1,3-Dinitrobenzene and 1,3,5-trinitrobenzene are synthetic substances
that are used in explosives. Both substances are yellow crystal-like solids
at room temperature. They may exist in air in very small amounts as dust
or a vapor, and can dissolve in certain liquids. If either substance is
put under very high heat, it will explode. They have no odor
Fate & Transport
Both compounds are likely to break down in air, water, and soil very
slowly. Both compounds are slightly soluble in water. 1,3-Dinitrobenzene evaporates slowly from water; 1,3,5-trinitrobenzene
does not evaporate from water. Neither compound sticks to soil strongly, so both can move through
soil into groundwater. These compounds are not likely to build up in fish or people.
If you live or work near a military ammunitions plant or other chemical
manufacturer, you may be exposed to these compounds by drinking contaminated
water, eating contaminated food, breathing contaminated air, or touching
or eating contaminated soil.
Waste discharges from military ammunitions plants or other chemical manufacturers
are the primary sources for release of both compounds to air, water, and
1,3-Dinitrobenzene and 1,3,5-trinitrobenzene are suspected to cause
similar health effects. Exposure to high concentrations of 1,3-dinitrobenzene
can reduce the ability of blood to carry oxygen and can cause your skin
to become bluish in color.
If you are exposed to 1,3-dinitrobenzene for a long time, you can develop
a reduction (or loss) in the number of red blood cells (anemia). Other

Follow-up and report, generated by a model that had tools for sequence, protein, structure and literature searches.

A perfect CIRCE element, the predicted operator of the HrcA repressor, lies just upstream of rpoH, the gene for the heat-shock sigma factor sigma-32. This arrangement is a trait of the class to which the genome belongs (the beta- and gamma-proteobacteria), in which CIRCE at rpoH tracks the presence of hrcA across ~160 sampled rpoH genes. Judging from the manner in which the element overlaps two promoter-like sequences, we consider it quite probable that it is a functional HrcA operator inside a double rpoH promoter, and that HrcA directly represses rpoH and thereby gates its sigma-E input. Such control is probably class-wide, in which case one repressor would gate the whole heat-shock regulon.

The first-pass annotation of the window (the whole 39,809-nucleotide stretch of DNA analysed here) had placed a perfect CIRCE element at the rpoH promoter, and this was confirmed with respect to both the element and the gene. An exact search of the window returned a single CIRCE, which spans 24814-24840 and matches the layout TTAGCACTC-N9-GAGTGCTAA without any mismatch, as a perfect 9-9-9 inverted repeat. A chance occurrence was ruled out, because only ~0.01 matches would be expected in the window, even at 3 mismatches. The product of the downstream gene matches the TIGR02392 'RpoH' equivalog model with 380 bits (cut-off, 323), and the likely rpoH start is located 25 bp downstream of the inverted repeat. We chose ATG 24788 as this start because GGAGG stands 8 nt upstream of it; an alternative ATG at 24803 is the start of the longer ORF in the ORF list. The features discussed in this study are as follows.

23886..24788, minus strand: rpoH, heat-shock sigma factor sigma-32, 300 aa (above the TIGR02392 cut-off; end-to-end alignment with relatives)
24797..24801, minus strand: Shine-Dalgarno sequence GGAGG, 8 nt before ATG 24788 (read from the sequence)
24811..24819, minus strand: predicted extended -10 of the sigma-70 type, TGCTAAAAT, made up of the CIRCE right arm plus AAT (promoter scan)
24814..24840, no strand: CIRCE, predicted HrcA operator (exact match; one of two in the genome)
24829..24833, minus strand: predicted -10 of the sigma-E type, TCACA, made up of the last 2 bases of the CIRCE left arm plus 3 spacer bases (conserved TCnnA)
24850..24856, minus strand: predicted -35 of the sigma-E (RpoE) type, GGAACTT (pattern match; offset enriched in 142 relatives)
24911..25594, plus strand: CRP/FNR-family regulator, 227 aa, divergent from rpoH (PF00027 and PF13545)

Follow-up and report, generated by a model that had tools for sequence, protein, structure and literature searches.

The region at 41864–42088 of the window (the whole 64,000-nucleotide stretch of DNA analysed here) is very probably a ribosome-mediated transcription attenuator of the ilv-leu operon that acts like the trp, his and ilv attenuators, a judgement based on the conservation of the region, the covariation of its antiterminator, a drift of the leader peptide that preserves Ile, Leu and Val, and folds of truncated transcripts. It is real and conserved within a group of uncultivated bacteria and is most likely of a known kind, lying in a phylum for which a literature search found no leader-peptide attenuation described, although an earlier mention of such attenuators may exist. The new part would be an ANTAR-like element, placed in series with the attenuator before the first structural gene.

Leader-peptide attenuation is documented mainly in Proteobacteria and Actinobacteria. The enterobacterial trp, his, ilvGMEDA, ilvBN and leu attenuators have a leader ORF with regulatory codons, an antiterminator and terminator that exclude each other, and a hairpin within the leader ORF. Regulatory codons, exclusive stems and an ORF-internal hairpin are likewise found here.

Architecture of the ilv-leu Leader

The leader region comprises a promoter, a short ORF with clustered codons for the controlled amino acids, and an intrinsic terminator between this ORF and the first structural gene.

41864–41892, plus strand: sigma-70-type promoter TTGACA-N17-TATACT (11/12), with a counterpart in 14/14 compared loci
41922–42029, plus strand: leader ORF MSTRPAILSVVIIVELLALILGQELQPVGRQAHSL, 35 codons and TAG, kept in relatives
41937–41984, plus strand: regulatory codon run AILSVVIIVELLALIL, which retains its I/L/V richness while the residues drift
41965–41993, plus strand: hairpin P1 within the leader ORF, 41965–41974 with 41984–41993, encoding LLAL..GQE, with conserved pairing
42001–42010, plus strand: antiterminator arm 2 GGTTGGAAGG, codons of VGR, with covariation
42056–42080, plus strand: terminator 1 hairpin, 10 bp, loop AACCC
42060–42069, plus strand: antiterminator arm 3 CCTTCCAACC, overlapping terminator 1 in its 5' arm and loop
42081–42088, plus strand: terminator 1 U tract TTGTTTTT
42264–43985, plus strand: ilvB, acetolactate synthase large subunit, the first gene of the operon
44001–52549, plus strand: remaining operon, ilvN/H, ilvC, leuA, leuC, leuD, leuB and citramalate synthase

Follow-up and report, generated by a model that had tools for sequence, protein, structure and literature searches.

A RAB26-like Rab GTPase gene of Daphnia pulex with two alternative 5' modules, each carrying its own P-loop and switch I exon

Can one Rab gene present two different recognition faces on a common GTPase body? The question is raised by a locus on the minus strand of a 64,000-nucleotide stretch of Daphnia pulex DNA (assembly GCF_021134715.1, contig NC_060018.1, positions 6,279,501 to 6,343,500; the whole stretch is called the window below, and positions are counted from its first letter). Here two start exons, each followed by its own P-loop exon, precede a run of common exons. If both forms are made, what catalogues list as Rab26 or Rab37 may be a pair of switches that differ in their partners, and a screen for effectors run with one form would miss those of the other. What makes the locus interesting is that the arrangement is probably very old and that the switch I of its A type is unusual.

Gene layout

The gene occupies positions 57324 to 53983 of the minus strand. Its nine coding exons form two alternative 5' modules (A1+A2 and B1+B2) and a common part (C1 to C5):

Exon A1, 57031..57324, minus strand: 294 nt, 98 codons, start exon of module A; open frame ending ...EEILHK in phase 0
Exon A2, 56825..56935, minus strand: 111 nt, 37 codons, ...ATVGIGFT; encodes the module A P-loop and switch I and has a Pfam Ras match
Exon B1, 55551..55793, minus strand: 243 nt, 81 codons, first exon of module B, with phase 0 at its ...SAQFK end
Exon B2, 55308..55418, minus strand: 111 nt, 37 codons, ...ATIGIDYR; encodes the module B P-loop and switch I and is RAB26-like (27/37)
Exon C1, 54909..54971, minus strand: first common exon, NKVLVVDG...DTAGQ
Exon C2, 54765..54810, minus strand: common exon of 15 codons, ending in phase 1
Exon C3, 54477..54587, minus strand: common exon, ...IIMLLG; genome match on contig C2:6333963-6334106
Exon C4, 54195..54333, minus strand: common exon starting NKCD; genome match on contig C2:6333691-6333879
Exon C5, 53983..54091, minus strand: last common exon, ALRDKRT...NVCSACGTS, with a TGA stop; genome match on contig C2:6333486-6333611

symptoms of 1,3-dinitrobenzene exposure include headache, nausea, and dizziness.
We do not know if there are any long-term health effects from exposure
to 1,3-dinitrobenzene or 1,3,5-trinitrobenzene. We also do not know if
these chemicals cause birth defects in humans.
Results of studies in animals show that effects of 1,3-dinitrobenzene
and 1,3,5-trinitrobenzene on the blood are similar to the effects seen
in people. Results from animal studies also show some other effects of
1,3-dinitrobenzene exposure, such as behavioral changes and male reproductive
We do not know if these compounds can cause birth defects
in animals. We do not know if the effects seen in animals could also occur
The EPA has determined that these compounds are not classifiable as to their carcinogenicity in humans. This
is because the ability of these compounds to produce cancer has not been studied in humans or animals.
There is no routine medical test to show if you have been exposed to
1,3-dinitrobenzene or 1,3,5-trinitrobenzene. Tests have been used to detect
1,3-dinitrobenzene and its breakdown products in blood and urine of exposed
animals, but these tests have not been used for people.
The EPA requires that spills or accidental releases into the environment
of 100 pounds or more of 1,3-dinitrobenzene, and 10 pounds or
more of 1,3,5-trinitrobenzene, must be reported to the EPA.
The Occupational Safety and Health Administration (OSHA) regulates levels
of 1,3-dinitrobenzene in the workplace. The maximum allowable amount of
1,3-dinitrobenzene in workroom air during an 8-hour workday, 40-hour workweek,
is 1 milligram per cubic meter (1 mg/m3).
The National Institute for Occupational Safety and Health (NIOSH) and
the American Conference of Governmental Industrial Hygienists (ACGIH) also
recommend an exposure limit of 1 mg/m3 1,3-dinitrobenzene
in workplace air over a 40-hour workweek.
Information excerpted from
Toxicological Profile for 1,3-Dinitrobenzene and 1,3,5-Trinitrobenzene
Agency for Toxic Substances and Disease Registry
United States Public Health Service